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Home > Tamil Culture - the Heart of Tamil National Consciousness > Two Decades of Tamil Studies - Xavier S. Thani Nayagam
Two Decades of Tamil Studies: 1950 -1970
S. Thani Nayagam
Once again the opportunity is presented to introduce to the world of learning and to the Tamil-speaking peoples of the world, a new periodical on Tamil Studies. The opportunity arose earlier when the quarterly journal Tamil Culture was launched in 1952, with the first editorial entitled " This Quarterly Review ".
Between 1952 and 1966, twelve volumes of the periodical were published, the first three volumes as a personal enterprise, and the remaining nine volumes as the organ of the Madras Academy of Tamil Culture. The Editorial Board of Tamil Culture and the scholars who contributed articles, are to be congratulated on the set of twelve magnificent volumes which contain such a wide range of studies on linguistic, literary, historical, philosophical and other themes, as make these volumes indispensable works of reference to scholarship in Tamil Studies as well as in South Asian Studies.
In spite of its excellence and its world-wide distribution, Tamil Culture remained until the last year of publication a compromise between severe academic requirements and academic popularisation, since it sought to satisfy the research worker in Tamil Studies as well as the Tamilophile whose access to the Tamil heritage is only through the medium of English. It popularised two words which express the separate areas in which it aimed at creating interest, namely Tamilology and Tamiliana.
During the years of publication, Tamil Culture functioned as a catalyst for Tamil scholars from all over the world, and created the atmosphere and the academic fellowship and friendships, whereby the formation of the International Association of Tamil Research and the holding of its International Conferences were made possible.
At the First International Conference of Tamil Studies held in Kuala Lumpur (1966), scholars discussed informally the need for a periodical which would meet the growing requirements of the academic world and its growing interest in Dravidian Studies in general and Tamil Studies in particular. As a result of further discussions during the Second International Conference of Tamil Studies held in Madras (1968), and the enthusiastic response to such a proposal from an international Board of Editors, the Journal of Tamil Studies is launched as a half annual review with the hope that it might be published quarterly as soon as circumstances permit.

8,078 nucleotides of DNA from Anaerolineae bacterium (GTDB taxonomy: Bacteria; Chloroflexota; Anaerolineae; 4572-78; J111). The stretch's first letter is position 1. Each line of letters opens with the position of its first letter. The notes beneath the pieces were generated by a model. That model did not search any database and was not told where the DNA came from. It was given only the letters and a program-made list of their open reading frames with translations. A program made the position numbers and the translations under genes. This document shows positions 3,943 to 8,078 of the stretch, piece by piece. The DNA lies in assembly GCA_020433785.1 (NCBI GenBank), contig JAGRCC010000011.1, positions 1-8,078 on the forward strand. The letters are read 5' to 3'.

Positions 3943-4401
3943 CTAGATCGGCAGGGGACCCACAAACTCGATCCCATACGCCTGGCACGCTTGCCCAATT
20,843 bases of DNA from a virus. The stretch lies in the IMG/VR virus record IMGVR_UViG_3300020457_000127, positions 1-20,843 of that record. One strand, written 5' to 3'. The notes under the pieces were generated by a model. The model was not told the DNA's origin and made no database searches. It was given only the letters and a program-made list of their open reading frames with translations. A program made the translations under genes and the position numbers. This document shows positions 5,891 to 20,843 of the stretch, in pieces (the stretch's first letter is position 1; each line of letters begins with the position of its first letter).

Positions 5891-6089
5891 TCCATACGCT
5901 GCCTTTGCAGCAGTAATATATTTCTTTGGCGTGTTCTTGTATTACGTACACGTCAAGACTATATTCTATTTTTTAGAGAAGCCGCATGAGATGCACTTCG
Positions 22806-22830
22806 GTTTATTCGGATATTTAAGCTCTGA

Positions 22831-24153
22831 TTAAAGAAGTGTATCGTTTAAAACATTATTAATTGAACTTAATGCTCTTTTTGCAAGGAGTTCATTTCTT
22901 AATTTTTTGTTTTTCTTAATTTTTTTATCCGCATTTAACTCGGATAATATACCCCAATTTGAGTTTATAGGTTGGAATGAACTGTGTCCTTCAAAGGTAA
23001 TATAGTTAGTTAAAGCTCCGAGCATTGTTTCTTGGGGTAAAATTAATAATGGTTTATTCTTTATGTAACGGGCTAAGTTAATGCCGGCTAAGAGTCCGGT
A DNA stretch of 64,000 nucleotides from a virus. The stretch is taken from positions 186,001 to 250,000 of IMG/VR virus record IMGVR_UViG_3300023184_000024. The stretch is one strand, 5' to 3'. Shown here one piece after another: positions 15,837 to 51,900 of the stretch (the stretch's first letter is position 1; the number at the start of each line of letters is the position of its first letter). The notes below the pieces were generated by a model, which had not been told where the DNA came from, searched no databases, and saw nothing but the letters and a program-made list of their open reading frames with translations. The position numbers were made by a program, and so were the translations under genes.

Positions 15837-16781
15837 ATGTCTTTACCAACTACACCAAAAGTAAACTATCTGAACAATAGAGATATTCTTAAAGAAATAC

A Bright Picture
The introductory article of the first volume of Tamil Culture contained the following paragraphs :
Seventeen years after, in 1969, it cannot be said that the place of Tamil Studies has remained static. A great number of circumstances, national and international, have contributed to an awareness, both extensive and deep, of the importance of Tamil Studies in Indological Studies and in South Asian as well as South-East Asian Studies. The post-war development of Asian Studies in non-Asian Universities has been beneficial also to Tamil Studies, and the broadening of the scope of the Humanities and of the Social Sciences and the implementation of recommendations made. by Indianists, has given the occasion for scholarly research in many fields which are new to Tamil Studies.
During the last two decades, Institutes of Indian Studies under foreign initiative have been founded in India, and South Asian institutes have been founded abroad, and these give adequate importance to Dravidian Studies as well as to Tamil Studies. More Universities in South Asian programmes include Tamil language, and Tamil literature either in the original or in translation. The development of Tamil Studies both at home and abroad has been marked by publications of outstanding research and pioneering material, and two International Conferences have gathered together numerous scholars in Tamil from institutions which hitherto were not known to have established interests in Tamil fields. Various Foundations during the last two decades have been liberal in their sponsorship of scholars and scholarship in the Tamil areas.